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News across North Carolina for January 23, 2015

Second to last Friday of the first month 0f 2015 people! We’ve done it! Are your resolutions still in tact? Well, if you’ve resolved to read more news, we have plenty of the North Carolina variety right here for you today:

News Across North Carolina for January 23, 2015

State Senator Earline Parmon has resigned to work with former colleague US. Representative Alma Adams as her outreach director for the Triad portion of the 12th Congressional District.

Also resigning: the president of Cape Fear Community College in Wilmington.

The number of people dying at work throughout the state has doubled over the past year.

The American Tobacco Trail Bridge is positively impacting not only users of the trail, but the areas adjacent to the trail.

The state Court of Appeals has started hearing the case brought against state legislators who voted to strip protections from veteran public school teachers.

More people have announced their intentions to run for Charlotte’s mayor.

Charlotte’s current mayor wants the state to start using the extra south I-485 lane right now.

Duke Energy will build a solar farm at Camp Lejeune, in partnership with the Marines and Navy.

A roundabout is coming to this Durham intersection.

Winston-Salem has been named an elite cycling training site by USA Cycling.

Six people are vying to become the next chair of the state Democratic Party.

Winston-Salem/Forsyth County Schools will create their own school grades, adding measures of poverty into the ones the state legislators are cooking up for all public schools and will be releasing next month.

Some Buncombe County voter registrations were wiped out, after a challenge from a Tea Party affiliated group.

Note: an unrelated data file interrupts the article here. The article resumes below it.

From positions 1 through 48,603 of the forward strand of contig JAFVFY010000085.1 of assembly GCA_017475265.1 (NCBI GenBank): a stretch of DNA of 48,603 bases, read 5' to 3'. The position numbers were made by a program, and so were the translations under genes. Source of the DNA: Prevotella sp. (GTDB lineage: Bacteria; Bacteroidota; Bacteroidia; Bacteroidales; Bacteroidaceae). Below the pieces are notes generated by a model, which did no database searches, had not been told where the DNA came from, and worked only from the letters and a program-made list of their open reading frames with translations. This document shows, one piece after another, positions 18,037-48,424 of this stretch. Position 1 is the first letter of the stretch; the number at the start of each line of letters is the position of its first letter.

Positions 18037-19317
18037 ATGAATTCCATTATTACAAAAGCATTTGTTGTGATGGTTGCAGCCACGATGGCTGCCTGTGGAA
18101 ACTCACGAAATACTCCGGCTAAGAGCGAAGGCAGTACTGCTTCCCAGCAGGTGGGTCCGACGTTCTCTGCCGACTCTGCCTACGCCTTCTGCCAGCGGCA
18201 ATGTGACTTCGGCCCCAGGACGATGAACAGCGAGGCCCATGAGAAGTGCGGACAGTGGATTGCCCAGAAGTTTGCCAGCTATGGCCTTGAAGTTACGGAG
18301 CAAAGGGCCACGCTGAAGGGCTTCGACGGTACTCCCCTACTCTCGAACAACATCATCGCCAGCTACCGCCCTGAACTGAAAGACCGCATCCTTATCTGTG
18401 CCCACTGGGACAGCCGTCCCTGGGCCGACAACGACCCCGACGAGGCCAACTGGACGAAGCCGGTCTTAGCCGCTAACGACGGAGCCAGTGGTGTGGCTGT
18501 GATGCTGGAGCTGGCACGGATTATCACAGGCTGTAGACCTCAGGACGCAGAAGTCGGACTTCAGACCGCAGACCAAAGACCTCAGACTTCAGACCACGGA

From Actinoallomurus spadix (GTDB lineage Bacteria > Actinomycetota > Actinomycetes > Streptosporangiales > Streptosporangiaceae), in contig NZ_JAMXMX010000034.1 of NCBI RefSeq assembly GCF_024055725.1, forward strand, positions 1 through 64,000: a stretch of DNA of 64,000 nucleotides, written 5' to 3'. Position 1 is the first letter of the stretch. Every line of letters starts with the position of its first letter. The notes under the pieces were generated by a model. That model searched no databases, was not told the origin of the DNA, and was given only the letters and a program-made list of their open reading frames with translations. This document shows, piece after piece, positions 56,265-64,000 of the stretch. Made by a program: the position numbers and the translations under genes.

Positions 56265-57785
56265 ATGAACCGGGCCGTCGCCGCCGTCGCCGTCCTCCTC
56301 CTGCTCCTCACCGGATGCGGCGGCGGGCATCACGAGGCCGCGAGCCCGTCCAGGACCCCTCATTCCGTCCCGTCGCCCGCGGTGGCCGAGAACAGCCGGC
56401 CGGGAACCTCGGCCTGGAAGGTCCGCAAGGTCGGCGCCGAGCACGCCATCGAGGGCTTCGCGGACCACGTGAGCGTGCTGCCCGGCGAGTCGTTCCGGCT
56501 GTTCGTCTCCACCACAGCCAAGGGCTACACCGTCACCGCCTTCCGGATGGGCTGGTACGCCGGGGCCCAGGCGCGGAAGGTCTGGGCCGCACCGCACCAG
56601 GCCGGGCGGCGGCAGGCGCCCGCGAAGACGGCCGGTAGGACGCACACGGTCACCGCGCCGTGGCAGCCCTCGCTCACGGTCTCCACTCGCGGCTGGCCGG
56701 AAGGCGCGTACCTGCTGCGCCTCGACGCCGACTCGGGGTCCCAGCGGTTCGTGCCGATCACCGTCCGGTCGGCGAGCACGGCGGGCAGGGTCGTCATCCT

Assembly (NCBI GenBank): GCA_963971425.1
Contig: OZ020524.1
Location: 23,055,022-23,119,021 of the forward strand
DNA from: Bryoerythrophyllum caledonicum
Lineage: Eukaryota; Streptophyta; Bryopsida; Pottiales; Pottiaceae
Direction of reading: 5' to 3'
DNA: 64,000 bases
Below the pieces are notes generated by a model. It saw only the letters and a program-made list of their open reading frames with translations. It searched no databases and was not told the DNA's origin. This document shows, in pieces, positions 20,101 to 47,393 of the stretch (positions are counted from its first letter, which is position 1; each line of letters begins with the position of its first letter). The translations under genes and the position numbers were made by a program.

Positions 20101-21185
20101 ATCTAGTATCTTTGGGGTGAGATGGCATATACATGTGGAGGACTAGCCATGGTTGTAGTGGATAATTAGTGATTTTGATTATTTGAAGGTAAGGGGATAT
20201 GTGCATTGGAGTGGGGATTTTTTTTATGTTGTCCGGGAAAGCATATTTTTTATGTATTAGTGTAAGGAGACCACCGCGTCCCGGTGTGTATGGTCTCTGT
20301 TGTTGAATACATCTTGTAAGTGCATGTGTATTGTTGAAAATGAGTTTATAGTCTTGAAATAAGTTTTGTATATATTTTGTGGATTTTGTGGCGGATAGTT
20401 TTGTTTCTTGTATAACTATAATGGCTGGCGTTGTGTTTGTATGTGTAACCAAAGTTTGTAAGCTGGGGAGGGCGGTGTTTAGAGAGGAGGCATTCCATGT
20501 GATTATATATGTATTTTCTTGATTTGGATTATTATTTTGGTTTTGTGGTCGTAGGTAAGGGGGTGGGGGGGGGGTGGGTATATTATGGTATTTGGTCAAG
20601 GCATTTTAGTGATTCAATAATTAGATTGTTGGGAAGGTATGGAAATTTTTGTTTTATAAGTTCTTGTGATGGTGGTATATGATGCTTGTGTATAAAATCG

Buncombe County has already had a large number of building permits, signaling growth in development.

Also seeing “explosive” growth: Uptown Charlotte.

Only three school districts in North Carolina still allow corporal punishment.

Our two U.S. senators voted yes on climate change, but with caveats.

House Republicans think the EPA’s coal-ash pond rules are not friendly enough to businesses.

The Airport Commission for Charlotte-Douglas Airport remains in limbo.

A mixed-use development is coming to a popular fishing pier in Wrightsville Beach.

Raleigh’s economy is one of the 50 fastest growing economies in the entire world and one of only four U.S. cities cited in this particular report.

Wake County School Board talked building schools inside the Raleigh Beltline at their most recent meeting. Durham Public Schools will contribute more money to the Whitted Junior High School building restoration.

RTP’s newest co-working space has opened.

And finally, UNC Chapel Hill may be offering $5 million to campus-based startups, but is also involved in a class-action lawsuit over it’s “paper classes.”

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